Thursday, February 7, 2013

Magic and Reason



“the fate of our times is characterized . . . 
by the disenchantment of the world.” 
Max Weber, Science as a Vocation 

It may be that all journeys are circular and the orbit of planets is a pattern we reproduce in our mundane travels. After more than a decade living overseas, I have been forced to settle back in the States. I have returned to where I started, though like the proverbial river, things are not the same. I set out because I felt starved on the thin recycled air of office spaces, mass transit, sealed automobiles, and high rise apartments, just like old people wheezing on those dog days that settle around New York and smudge the sky with lead. I needed to slip the clutches of a system ruled by clock punching and daily planners, half hour lunches and appointments on the dot – a routine whose only merit appeared to be whether the timepiece that goaded you was a Rolex or a cheap Timex. 

The do’s and dont’s had choked off the maybe’s and might’s. La vida loca was the stuff of digital pop dreams, and pioneering was just corporate R and D. Ironically, I returned because I needed to take advantage of the medical benefits afforded by all that R and D, and had I not done so, I most surely would have died in a makeshift emergency room or a dilapidated bed under mosquito netting, surrounded by old women chanting the rosary.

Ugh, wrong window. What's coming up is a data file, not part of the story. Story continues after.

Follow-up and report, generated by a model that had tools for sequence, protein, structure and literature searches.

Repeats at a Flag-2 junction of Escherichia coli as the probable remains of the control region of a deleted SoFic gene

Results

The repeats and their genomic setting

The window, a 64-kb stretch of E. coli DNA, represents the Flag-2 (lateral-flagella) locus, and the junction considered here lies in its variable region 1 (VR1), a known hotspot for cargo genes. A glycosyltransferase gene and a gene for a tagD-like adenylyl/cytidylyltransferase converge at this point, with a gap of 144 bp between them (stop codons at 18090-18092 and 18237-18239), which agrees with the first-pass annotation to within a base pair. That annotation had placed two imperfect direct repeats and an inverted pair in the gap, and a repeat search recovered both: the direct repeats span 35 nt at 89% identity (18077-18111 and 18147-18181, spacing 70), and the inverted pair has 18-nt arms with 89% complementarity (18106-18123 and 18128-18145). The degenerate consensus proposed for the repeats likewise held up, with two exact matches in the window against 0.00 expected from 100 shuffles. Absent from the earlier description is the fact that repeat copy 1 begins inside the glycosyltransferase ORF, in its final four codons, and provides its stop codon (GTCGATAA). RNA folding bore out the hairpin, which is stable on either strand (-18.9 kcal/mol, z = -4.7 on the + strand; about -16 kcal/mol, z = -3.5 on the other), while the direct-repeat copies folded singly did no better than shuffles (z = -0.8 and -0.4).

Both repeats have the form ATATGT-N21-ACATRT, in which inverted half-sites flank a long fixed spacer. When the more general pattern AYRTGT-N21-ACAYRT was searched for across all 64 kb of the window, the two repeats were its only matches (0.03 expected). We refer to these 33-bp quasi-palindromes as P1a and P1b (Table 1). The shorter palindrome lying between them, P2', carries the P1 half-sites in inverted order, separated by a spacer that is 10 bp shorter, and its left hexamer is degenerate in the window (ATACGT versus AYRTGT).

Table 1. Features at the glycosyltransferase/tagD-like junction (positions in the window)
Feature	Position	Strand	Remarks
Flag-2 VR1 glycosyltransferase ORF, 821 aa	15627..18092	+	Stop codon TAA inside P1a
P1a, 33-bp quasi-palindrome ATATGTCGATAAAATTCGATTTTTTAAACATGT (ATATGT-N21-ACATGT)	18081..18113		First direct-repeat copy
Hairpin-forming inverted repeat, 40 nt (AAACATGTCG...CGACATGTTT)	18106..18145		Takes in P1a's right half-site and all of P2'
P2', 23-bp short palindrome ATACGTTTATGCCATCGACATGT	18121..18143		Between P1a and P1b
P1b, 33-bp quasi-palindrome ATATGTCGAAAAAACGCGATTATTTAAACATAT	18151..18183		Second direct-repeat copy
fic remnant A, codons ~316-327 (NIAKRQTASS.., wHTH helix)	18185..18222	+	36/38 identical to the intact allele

Presently I am recuperating in a Florida town that in some ways is as foreign to me as the places I visited abroad would be to others. Even if I had never set foot outside the States, Southern habits and society would have seemed novel, to say the least. Yet it is foreign to me not for its regional eccentricities but because it is a deeply American place, where God and country march in step to rousing martial themes of personal salvation and world dominance. There are pockets of unruliness, of dissonant nonconformity – the pine scrubs where crackers live off the land in shacks or trailers, the segregated black neighborhoods whose residents practice an ambivalent and wary allegiance to an America that still doesn’t accept them. And it has many virtues, not the least of which is the courteous behavior that is universal here, a social virtue that is as indispensable as the love of Jesus extolled by the evangelicals. But overall, there is the same obsession for assembly line order that compelled me to seek out those corners of the world where life spills out untidily like sewage in potholed streets. Strip malls, four lane highways, chain stores, family-themed restaurants, and easy access parking lots. It’s Heaven at your car door. Life comes shrink wrapped in a store or cathode-tubed via the Box, and pre-fab housing developments are rolled out across the hammocks like super sized Happy Meal boxes at lunch hour.